An Average Game. The more things change, the more they stay the same.
I can’t really say how many games I have played at this point. Most people likely would claim the same about themselves, if they have played for any amount of time. But we all (for whatever reason), have our favorites. They often cross genre lines of what we usually prefer. For reasons players can only guess, too many games have fallen (IMO) from what might otherwise be called great. They enter into that dark, shadowy area which only be described as a “Yogi-Bear” game, an average game.
And by that, I mean barely average.
And average, as you well know, is just another word for mediocre. The song, as you will recall, cited that Yogi was “smarter than the average bear.” That isn’t saying much. It’s one thing to be as dumb as a bear. But it’s quite another to be just slightly above a mediocre bear. It’s just not something anyone aspires to, or will willingly claim, or – if they have a portfolio of mediocre art – would be willing to whip out and proudly show.
No one goes around loudly bellowing that it is awesome to be just a few points above ‘suck’ or ‘lame’. No one except for movie or video game advertisements, that is. They can sway us with ‘sexy’ bogus demos and CGI clips, or a smooth as silk video trailer. Anyone remember Striptease? That movie had more grabs at different advertised movie genres via trailers to make a sale out of a sunken, rust laden slag heap than any other I have ever seen.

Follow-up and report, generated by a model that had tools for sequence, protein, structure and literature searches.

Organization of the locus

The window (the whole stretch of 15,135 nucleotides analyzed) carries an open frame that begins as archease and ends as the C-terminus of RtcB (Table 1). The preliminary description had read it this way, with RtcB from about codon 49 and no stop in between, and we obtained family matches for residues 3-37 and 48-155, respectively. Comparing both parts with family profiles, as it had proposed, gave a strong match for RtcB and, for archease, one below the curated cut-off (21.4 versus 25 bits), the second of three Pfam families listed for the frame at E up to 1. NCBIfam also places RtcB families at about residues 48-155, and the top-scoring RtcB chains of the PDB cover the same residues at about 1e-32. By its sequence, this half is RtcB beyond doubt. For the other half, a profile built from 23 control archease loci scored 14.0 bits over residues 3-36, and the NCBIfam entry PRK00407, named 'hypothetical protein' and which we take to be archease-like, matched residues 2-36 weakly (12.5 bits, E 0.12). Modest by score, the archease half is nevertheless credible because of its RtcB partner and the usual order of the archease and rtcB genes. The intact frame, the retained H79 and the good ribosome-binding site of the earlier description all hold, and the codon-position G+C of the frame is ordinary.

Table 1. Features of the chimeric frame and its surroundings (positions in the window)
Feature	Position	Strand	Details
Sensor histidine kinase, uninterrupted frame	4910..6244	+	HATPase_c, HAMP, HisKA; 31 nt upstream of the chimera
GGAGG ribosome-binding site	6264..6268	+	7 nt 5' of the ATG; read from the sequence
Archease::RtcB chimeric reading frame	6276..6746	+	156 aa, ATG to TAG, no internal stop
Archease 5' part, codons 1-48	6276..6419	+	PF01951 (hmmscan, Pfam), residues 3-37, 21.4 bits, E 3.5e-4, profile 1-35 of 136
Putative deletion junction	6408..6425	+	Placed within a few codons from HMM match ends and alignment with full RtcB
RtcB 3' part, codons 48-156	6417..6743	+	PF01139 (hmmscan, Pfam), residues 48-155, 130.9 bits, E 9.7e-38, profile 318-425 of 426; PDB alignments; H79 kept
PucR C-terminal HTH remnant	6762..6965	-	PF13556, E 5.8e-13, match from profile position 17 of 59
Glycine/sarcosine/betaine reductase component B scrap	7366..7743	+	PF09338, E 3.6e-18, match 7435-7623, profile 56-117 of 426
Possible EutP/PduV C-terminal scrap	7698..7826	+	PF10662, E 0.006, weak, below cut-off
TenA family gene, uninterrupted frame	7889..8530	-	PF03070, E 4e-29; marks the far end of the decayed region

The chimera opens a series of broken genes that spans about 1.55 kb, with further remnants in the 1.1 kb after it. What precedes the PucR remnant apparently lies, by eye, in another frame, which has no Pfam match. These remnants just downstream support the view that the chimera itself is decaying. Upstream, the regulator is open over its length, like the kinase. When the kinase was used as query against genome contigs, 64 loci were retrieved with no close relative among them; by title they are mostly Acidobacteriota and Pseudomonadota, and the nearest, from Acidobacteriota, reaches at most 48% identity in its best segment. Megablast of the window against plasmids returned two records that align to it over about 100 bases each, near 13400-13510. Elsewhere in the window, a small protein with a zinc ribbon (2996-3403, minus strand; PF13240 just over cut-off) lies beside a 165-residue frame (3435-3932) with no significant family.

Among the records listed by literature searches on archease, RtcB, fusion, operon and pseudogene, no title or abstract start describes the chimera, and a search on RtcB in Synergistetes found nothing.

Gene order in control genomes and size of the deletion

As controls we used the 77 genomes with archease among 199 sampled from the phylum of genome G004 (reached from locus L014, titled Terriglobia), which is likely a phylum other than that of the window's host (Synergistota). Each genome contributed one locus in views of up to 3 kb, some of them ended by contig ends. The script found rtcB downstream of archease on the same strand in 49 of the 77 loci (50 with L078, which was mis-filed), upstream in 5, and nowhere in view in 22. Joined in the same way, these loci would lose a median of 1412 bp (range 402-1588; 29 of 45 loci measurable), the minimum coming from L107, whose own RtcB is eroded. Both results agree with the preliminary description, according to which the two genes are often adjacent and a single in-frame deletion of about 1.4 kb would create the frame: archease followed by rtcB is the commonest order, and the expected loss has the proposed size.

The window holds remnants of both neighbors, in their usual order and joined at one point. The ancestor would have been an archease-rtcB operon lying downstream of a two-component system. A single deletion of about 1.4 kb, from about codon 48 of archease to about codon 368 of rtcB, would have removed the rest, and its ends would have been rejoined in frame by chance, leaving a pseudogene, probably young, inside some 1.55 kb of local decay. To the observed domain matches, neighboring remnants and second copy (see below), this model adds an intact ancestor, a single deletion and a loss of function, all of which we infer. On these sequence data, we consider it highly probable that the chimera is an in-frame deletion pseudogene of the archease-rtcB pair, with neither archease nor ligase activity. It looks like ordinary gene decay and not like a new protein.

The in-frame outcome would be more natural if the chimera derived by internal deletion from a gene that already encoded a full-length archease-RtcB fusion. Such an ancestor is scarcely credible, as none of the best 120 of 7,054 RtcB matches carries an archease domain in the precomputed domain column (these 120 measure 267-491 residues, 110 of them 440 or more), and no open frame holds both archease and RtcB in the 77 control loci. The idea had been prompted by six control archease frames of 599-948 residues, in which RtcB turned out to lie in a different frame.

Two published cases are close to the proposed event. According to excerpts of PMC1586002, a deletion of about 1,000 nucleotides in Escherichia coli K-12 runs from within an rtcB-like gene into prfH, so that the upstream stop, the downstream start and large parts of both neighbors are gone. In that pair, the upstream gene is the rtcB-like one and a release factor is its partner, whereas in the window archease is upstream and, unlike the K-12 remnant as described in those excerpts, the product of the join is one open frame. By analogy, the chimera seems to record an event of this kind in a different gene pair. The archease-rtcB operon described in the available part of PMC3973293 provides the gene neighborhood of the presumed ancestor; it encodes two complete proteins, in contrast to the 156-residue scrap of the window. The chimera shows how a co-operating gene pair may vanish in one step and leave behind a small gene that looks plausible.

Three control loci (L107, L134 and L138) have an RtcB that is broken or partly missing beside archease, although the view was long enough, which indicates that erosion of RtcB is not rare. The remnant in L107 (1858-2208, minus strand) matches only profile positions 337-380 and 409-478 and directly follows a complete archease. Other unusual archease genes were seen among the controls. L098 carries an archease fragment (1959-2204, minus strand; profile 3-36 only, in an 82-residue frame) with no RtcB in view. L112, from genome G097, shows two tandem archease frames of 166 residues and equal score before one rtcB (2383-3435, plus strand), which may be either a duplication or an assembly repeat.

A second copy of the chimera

But hey – at least total crap gets some negative attention, right?
People could suppose I measure and categorize games a bit differently than some people do. I read many reviews, and like to read/hear what players say. I like to know what developers think of their work. All in all…I tend to often disagree with them, simply because they have forgotten gaming history, and the games that went before. Games that, by today’s standards, might be considered masterpieces of sheer freaking genius. That is, if they had all the same modeling, texture quality, physics and sound to represent them in the same way for “comparison’s sake” as the modern game does.
Great Old Games
People push aside and forget many old games. They dismiss them because we have all become whores for physics, sharp graphics and surround sound. Those games often had gameplay that puts many modern games to such shame. New games look like rusted out salvage cars with some paint tossed on, and little else, IMO. I am speaking here of gameplay, concept, and implementation, and little else. Yet, not all of them were great.
Bad game ‘development habits’ got to start somewhere. Some aspects, like the modern “save point”, reminds me a bit too much of the old arcade “please shove a quarter in after dying” pattern. Modern games have expanded on old ideas as the technology has improved. Many developers scream about all the ways their money is being ‘drained away’ by development costs, time, pirates, expenses, and employees. However, they are often cranking out generic games that are often quite the opposite of their advertised claims. (Far Cry 3 comes to mind, with it’s many forced plot points, borders, and “don’t stray outside the lines or else”, because this is a freeform sandbox, after all). So offenses can be varied, and many.